If you have a smartphone, you probably use its front-facing camera for selfies and the occasional video call. Perhaps, if you’re lucky, you’ll shoot the next viral TikTok masterpiece.

You might use your next smartphone’s front camera for the same things, but there’s a chance that camera won’t completely turn off once you’re done with it.

Last week, chipmaker Qualcomm revealed its latest Snapdragon processor, which will power many of the high-end Android smartphones you’ll see in stores in 2022, including models from Motorola, Sony, OnePlus. And a new feature built into that chip could allow smartphone makers to keep those front-facing cameras on all the time in a sort of low-power mode, waiting and watching for a face to appear in front of it.

The idea of a camera that stays on as long as your phone does seems deeply unsettling, even in an age where people are convinced that smartphones are already eavesdropping on our conversations. So why is a company responsible for building the brains of our smartphones trying to make “always-on” cameras a common feature?

Ironically, Qualcomm insists the move is meant to make phones not just more convenient, but more secure.

“The always-on camera gives one very basic advantage,” said Judd Heape, a Qualcomm vice president during the company’s Tech Summit in Hawaii last month. “Your phone’s front camera is always securely looking for your face, even if you don’t touch it.”

In time, a phone using this new chip could feasibly unlock itself when it sees your face, and automatically lock itself again when you’re not looking at it anymore. Or, if it sees someone else’s face next to yours, the phone could automatically hide notifications so no one else can see what your incoming emails or Slack messages are about. The benefit of a phone that’s always looking for you, it seems, is that it knows to act different when you’re not looking back.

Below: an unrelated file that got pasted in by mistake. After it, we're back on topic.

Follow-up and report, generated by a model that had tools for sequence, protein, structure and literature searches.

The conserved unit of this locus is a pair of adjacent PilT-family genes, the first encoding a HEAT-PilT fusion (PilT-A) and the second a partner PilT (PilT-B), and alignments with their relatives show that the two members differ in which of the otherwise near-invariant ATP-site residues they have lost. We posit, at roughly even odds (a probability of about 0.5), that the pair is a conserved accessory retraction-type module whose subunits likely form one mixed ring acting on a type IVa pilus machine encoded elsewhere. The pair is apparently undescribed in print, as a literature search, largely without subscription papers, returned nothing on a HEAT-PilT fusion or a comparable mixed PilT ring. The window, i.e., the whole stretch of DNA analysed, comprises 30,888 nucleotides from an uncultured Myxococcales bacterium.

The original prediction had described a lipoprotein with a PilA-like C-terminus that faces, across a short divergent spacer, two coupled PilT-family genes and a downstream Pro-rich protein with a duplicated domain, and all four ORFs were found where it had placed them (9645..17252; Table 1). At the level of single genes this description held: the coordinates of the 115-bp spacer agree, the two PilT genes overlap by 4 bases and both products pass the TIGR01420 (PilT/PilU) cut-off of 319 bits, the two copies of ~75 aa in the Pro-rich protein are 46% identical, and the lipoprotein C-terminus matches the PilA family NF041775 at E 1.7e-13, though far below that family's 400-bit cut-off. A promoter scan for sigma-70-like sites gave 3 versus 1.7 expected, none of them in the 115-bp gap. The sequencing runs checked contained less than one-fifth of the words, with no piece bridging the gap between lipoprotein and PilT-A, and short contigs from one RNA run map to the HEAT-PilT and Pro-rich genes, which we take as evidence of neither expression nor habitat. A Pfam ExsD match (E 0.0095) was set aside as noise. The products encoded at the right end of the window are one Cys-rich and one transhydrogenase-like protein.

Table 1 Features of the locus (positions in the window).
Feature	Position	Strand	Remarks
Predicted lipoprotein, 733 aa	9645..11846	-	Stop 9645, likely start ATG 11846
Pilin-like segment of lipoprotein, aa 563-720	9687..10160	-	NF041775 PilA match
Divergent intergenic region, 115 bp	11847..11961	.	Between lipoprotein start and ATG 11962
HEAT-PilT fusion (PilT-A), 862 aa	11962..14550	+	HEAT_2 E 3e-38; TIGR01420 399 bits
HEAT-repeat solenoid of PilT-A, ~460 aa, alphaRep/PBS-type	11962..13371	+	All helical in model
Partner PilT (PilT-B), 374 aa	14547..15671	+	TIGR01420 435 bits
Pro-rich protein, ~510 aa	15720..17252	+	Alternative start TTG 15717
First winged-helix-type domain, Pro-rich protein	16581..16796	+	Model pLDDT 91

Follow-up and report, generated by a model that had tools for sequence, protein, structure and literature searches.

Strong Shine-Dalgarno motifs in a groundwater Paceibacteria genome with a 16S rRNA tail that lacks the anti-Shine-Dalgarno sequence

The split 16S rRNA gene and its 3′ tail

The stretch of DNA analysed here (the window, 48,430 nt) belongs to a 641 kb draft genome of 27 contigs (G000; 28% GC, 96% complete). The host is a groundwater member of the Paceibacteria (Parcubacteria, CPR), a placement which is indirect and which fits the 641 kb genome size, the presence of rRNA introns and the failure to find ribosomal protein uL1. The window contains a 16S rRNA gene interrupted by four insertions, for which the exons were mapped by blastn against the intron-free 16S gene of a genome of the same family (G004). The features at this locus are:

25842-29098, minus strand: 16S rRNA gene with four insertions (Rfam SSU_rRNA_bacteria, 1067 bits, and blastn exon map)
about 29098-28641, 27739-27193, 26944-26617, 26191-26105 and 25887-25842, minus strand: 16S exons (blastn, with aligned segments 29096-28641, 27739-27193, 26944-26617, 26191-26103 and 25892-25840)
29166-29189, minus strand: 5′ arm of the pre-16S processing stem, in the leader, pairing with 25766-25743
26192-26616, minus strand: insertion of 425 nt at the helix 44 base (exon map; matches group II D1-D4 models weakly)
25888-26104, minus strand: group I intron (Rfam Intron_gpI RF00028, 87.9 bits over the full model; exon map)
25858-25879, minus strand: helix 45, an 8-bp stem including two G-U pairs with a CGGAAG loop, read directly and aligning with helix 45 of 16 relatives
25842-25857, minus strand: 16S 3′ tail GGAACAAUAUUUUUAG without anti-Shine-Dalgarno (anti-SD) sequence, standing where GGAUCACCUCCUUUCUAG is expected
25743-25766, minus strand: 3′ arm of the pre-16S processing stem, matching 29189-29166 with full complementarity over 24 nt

As it turns out, the Qualcomm tech that could make such features possible is conceptually pretty basic. “What’s happening here is detecting a binary: is there a face, or is there not a face,” Heape told me. “There is not a photograph taken. There is no video being recorded.” He also noted that none of camera data leaves the chip when it’s being analyzed for faces.

Right now, most of those privacy-minded features don’t exist yet. That’s up to smartphone makers to implement, and Qualcomm knows those companies are interested in always-on camera features like the ones described above.

“Those use-cases are ones that we’ve had discussions with customers about,” Heape said. And that means you basically have to trust the Samsungs and OnePluses of the world to handle things responsibly. Unfortunately, that’s not always the right move. (Representatives for Samsung, Sony and OnePlus declined to comment on their plans for future devices.)

Even so, some experts believe that these kinds of always-on cameras might not be the sources of dystopian distress their names imply.

“I would argue that always-on microphones that send data to the cloud are far more invasive,” said Anshel Sag, principal analyst at Moor Insights & Strategy.

But even if these always-on cameras aren’t constantly recording you, they could still potentially lead people to privacy issues. One of Qualcomm’s big arguments for this kind of tech is that it makes accessing your phone more convenient — in its presentation, it showed off a clip of a man baking in his kitchen unlocking his phone with just a glance. Heape explained to me that, in a situations like that, the always-on camera will detect its owner’s face and prompt them to unlock their phone as always.

To achieve the kind of dead-simple, look-and-you’re-done experience Qualcomm depicts, you would have to rely on your phone’s face unlock feature. And therein lies the rub: in some cases, that can be much less secure than unlocking your phone with a fingerprint scan, or even a standard password.

As we wait for the first phones with always-on cameras to hit the market, it’s worth taking a moment to contemplate the age-old tension between privacy and convenience. For some people, though, a few seconds saved here and there aren’t worth the trade-off.

“I do not like the idea of an always on camera. For any reason whatsoever,” one Android phone user wrote on Reddit. “All the excuses and explanations in the world will never make me feel comfortable with that because I will never feel like my privacy is truly secure.”